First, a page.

Regarding their appearance: they show irregular margins, their depth is usually low and they have a bed reddened with remains of yellowish fibrinous tissue. Regarding their appearance: they show marked margins of flat edges, they tend to gain in depth and can even reach tendons or bone, have a pale bed (gray or yellowish) with little granulation tissue and even areas of necrosis.

Skin around the ulcer: it usually shows hyperpigmentation, hardening and peeling, findings of lipodermatosclerosis, eczema, white atrophy. Skin around the ulcer: thin, pale or somewhat red, may not have hair.
In the case of thrombosis, livedo reticularis (mottled reddish) can occasionally be observed

It’s more common in women It is more frequent in men
Pulses present although by edema or thickening of the skin can be difficult to palpate. Pulses not palpable or almost imperceptible
Extremity temperature is normal The limb can show coldness
They represent 70-90% of vascular ulcers They represent 5-10% of vascular ulcers.

Venous Ulcers Arterial ulcers

Aetiopathogenic pillar: They are due to venous hypertension Aetiopathogenic pillar: They are due to reduced arterial blood supply
There are three possible causes: Muscle pump failure, valvular reflux and venous return obstruction, or a combination of them. Causes: They may be due to arteriosclerotic obstruction or embolism of the arterial vessels. Hypertensive disorders due to arterial hypertension (Martorell ulcers) and the angiotensin (Buerger’s disease) are also described.

Location: They are more frequent towards the inner side of the lower third of the calf. Location: In areas of bony prominences. Hypertensive ones are more frequent in the anterior and external area of ​​the lower third of the calf. The atherosclerotic arteries are more frequent towards the malleolus and interdigital areas.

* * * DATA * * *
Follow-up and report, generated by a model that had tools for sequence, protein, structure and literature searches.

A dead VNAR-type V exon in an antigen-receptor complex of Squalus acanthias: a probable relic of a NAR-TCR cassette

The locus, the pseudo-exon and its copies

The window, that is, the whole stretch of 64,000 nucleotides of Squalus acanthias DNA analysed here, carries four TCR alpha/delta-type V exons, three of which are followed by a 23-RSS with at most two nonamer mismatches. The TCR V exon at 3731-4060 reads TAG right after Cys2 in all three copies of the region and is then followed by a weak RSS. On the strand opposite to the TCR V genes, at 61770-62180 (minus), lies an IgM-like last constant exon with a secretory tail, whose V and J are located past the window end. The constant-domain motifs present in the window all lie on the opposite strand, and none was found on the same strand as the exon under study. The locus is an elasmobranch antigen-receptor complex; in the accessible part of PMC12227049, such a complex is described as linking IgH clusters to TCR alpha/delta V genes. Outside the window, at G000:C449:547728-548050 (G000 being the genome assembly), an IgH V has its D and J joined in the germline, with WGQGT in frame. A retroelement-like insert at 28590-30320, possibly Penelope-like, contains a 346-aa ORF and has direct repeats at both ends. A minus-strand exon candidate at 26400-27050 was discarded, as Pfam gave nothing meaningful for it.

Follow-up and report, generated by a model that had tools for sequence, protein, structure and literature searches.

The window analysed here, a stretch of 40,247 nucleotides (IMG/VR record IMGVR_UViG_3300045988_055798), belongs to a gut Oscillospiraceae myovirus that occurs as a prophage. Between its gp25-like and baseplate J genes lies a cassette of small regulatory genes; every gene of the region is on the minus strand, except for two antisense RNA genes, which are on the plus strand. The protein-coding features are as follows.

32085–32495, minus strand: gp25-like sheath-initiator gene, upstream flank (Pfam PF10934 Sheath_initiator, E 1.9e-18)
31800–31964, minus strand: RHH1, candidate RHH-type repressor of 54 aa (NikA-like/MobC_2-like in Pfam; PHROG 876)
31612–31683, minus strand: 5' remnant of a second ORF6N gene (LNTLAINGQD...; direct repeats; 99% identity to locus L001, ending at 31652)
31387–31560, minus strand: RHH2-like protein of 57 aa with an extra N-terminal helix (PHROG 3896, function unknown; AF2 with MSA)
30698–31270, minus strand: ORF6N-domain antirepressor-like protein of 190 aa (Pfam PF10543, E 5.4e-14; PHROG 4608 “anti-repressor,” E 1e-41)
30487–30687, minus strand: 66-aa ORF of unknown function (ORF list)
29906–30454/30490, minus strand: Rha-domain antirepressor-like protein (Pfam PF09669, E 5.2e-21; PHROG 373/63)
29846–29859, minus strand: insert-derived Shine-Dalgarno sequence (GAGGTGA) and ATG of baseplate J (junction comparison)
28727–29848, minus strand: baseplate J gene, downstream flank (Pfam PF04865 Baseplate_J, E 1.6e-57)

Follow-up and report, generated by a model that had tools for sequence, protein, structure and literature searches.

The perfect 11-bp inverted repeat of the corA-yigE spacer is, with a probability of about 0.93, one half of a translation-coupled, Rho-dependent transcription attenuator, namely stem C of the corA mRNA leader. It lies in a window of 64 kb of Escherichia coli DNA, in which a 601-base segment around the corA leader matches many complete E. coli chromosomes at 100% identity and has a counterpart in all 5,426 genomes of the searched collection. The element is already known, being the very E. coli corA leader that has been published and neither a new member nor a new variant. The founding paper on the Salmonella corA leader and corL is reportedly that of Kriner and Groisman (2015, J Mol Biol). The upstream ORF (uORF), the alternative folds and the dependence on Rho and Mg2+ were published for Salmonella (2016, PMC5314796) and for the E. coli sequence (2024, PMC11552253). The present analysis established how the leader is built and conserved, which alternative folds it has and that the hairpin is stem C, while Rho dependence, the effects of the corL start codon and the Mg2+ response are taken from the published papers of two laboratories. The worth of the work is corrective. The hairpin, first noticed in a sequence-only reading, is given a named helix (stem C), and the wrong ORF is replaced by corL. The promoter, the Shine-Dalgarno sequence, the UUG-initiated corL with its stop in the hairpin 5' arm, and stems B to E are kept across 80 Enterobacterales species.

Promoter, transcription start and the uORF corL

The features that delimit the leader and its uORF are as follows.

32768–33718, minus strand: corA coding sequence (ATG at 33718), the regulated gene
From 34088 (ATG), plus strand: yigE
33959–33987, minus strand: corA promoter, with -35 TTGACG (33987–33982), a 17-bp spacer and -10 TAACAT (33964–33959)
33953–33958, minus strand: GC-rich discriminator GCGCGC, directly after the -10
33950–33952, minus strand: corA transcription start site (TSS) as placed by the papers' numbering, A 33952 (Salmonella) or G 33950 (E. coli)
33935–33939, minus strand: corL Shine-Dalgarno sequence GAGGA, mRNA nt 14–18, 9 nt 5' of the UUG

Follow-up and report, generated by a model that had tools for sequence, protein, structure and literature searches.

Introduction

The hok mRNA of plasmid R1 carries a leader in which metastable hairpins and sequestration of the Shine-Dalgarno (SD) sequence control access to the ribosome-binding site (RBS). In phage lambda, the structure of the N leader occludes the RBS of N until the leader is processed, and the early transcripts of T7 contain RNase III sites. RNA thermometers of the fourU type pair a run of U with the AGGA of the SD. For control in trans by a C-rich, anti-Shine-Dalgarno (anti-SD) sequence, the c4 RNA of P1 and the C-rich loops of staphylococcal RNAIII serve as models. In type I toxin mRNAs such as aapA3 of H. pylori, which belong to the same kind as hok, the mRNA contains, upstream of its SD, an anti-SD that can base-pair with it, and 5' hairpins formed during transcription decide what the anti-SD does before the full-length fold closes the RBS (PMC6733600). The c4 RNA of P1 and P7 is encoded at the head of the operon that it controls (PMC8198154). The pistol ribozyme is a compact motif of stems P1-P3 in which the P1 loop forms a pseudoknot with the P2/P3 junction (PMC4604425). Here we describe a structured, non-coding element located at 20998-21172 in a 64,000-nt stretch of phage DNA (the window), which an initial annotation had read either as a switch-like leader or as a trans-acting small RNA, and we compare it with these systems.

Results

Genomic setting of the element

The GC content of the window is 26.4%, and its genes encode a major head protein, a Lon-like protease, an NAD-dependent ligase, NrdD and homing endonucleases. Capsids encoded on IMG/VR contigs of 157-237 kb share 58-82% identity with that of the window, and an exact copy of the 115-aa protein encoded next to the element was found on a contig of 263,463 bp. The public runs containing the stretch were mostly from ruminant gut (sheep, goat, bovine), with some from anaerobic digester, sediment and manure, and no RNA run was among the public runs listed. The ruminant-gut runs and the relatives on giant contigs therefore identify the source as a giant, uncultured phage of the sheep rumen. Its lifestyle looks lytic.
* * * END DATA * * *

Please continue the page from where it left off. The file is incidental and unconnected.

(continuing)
Not very painful They are usually very painful
When they are associated with pain this usually improves with the elevation of the extremity Pain improves when you lower your foot and stay seated
They tend to be of torpid evolution They can evolve quickly
They usually produce an exudate in moderate or high amount, they bleed easily. They produce little or no exudate (unless infected), bleed little

Regarding their appearance: they show irregular margins, their depth is usually low and they have a bed reddened with remains of yellowish fibrinous tissue. Regarding their appearance: they show marked margins of flat edges, they tend to gain in depth and can even reach tendons or bone, have a pale bed (gray or yellowish) with little granulation tissue and even areas of necrosis.

Skin around the ulcer: it usually shows hyperpigmentation, hardening and peeling, findings of lipodermatosclerosis, eczema, white atrophy. Skin around the ulcer: thin, pale or somewhat red, may not have hair.
In the case of thrombosis, livedo reticularis (mottled reddish) can occasionally be observed

It’s more common in women It is more frequent in men
Pulses present although by edema or thickening of the skin can be difficult to palpate. Pulses not palpable or almost imperceptible
Extremity temperature is normal The limb can show coldness
They represent 70-90% of vascular ulcers They represent 5-10% of vascular ulcers.

Leave A Reply